And then he tells someone else to beware of confirmation bias. You can't make this shit up.

It's scary when we have such people amongst us

" ... economists have no idea."
The group of sages who know anything is becoming smaller and smaller and smaller

Let the Gooood Tiiiimes Rooooll, oll

Respondents to the RBNZ household inflation expectations survey are now picking 4% house price inflation over the next year - which is not so high. But just three months ago respondents in the same survey were picking only 2.8% house price inflation in a year.

In addition between surveys the number of respondents expecting house prices rises has jumped from under 50% to 64.7%, which is actually the highest proportion expecting house price rises since the June 2016 survey.

Wealth effect or wealth illusion?

The other therapeutic effect of lower-for-longer interest rates is the wealth effect. By driving up the value of future cash flows with lower rates of interest, all manner of assets – stock, bonds, and houses – increase in value and, thereby, can stimulate our marginal propensity to consume. More simply put, the imperative was to make rich people richer so as to encourage their consumption. It is not so hard to imagine negative side effects.
There are the obvious distributional effects between those who have assets and those who do not. Returning house prices in California to their 2005 levels may be good for those who own them, but what of those who don’t?
There are also harder-to-observe distributional consequences that flow from the impact of lower-for-longer interest rates on the value of our liabilities. This is most easily observed in pension funds.
Consider two pension funds, one with a positive funding ratio and one with a negative funding ratio. When we create a wealth effect on the asset side of their balance sheets we also drive up the value of their liabilities. Lower long-term interest rates increase the value of all future cash flows – both positive and negative. Other things being equal, each pension fund will end up approximately where they started, only more so.
The same is true for households but is much more ominous, given the inequality of wealth with which we began the experiment. Consider two households: one with savings and one without savings. Consider also not just their legally-defined liabilities, like mortgages and auto-loans, but also their future consumption expenditures, their liability to feed and clothe themselves in the future.
When the Fed engineered its experiment to promote the wealth effect, the family with savings experienced an increase in the present value of their assets and also an increase in the present value of their liabilities. Because our financial assets are traded in markets and because we receive mutual fund and retirement account statements, we promptly saw the change in the value of our assets. We are much slower to appreciate the change in the present value of our liabilities, particularly the value of our future consumption expenditures.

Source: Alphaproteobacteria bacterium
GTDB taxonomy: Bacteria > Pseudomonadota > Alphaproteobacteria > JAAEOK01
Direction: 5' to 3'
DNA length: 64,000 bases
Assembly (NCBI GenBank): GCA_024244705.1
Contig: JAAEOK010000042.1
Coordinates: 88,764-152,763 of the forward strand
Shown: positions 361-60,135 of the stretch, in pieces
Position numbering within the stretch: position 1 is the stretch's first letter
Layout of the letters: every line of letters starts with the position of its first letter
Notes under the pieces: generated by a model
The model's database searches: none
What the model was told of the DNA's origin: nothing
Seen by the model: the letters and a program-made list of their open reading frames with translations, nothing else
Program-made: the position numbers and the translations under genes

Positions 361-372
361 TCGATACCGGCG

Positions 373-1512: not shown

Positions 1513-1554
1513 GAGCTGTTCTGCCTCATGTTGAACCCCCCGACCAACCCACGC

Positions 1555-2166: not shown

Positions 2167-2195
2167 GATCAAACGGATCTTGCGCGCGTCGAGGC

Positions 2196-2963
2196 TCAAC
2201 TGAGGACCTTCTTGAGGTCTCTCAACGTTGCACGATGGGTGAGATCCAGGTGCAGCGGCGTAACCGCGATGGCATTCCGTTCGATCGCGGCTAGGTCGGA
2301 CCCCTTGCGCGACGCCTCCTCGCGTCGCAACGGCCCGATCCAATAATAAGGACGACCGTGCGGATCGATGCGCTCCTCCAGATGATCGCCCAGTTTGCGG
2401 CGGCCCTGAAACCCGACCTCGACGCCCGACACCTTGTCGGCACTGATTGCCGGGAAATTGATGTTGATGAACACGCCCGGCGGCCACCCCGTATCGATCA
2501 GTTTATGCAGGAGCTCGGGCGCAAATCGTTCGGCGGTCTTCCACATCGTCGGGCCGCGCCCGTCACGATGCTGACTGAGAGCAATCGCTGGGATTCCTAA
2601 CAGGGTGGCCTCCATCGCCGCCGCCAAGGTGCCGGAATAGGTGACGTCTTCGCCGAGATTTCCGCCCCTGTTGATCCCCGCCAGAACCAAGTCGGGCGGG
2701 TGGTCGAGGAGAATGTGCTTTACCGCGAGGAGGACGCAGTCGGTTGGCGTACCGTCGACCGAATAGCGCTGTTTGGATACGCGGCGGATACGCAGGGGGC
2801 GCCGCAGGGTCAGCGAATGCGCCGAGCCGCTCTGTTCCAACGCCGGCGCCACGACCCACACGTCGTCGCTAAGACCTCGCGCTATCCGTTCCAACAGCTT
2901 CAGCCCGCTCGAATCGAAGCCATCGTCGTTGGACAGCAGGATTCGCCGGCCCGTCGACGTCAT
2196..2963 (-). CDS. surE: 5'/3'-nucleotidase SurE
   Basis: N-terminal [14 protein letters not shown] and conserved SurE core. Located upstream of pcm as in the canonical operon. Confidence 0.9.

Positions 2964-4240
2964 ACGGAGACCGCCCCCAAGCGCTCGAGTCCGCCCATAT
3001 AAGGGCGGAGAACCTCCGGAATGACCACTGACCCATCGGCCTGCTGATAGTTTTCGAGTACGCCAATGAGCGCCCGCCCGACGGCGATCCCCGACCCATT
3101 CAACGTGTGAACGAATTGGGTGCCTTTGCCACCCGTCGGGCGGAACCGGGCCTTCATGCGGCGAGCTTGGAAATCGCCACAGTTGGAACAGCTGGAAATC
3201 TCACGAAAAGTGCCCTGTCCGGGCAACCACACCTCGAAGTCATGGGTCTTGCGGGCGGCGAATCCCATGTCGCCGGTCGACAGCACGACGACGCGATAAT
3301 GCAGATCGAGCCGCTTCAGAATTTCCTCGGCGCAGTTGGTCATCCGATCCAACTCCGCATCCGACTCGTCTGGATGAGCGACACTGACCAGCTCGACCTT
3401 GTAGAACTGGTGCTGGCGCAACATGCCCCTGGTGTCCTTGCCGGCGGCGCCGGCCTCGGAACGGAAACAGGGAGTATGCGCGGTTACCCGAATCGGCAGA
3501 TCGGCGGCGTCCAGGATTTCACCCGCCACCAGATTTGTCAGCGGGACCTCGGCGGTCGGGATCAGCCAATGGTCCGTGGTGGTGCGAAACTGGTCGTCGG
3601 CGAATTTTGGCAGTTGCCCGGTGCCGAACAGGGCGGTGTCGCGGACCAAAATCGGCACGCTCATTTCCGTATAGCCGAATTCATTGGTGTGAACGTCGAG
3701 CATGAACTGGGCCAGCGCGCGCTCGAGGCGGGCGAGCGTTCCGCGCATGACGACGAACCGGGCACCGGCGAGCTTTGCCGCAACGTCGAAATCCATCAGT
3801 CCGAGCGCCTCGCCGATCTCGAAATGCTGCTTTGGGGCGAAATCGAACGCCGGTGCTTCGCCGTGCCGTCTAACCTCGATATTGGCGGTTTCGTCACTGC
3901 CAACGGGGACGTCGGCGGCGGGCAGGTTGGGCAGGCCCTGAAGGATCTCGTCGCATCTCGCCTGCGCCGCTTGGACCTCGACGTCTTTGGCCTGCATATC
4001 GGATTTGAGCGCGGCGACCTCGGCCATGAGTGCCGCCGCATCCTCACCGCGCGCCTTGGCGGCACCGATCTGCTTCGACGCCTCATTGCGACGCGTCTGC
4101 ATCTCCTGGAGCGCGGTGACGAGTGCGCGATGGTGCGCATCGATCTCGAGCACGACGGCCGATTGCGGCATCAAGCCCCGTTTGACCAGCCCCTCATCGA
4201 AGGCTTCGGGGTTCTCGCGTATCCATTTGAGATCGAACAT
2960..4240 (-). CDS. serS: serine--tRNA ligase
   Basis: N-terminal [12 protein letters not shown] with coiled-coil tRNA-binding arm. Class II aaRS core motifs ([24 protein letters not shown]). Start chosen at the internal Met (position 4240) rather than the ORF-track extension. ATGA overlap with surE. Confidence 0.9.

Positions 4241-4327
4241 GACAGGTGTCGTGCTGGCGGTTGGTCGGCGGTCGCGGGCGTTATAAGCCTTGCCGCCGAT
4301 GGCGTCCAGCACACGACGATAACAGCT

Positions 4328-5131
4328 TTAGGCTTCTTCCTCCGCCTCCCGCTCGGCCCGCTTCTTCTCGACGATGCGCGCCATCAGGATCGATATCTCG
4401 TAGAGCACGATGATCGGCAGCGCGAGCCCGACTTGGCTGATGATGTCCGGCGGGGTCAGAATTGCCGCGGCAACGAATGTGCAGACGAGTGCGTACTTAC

But just because we don’t trade our future consumption expenditures on the stock exchange does not mean that the conventions of finance do not apply. The family with savings likely ends up where they started, once we consider the necessity of revaluing their liabilities. They may more readily perceive a wealth effect but, ultimately, there is only a wealth illusion.
But what happened to the family without savings? There were no assets to go up in the value, so there is no wealth effect – real or perceived. But the value of their future consumption expenditures did go up in value. The present value of their current and expected standard of living went up but without a corresponding and offsetting increase in assets, because they don’t have any. There was no wealth effect, not even a wealth illusion, just a cruel hoax.

I don't really understand that at all. Just get a house and get as many financial assets as possible.

The quote confuses savings with assets (a 101 mistake), replace the word "saving" with "assets" and it will become clearer. Also it is unclear to me why lower rates for longer increase the liabilities. Yes lower for longer increases the value of an asset but why would it increase the liability (mortgage) on that asset?

Why can't the gov impose a rule to say

House price can't go up wit the current interest rate (probably applicable to kiwi build houses only). this prevent crazy market inflation.

If price still goes up, buyers will end up borrowing more money and in the long term, this could be worst for repayment.

It's not just NZ that's at an economic turning point: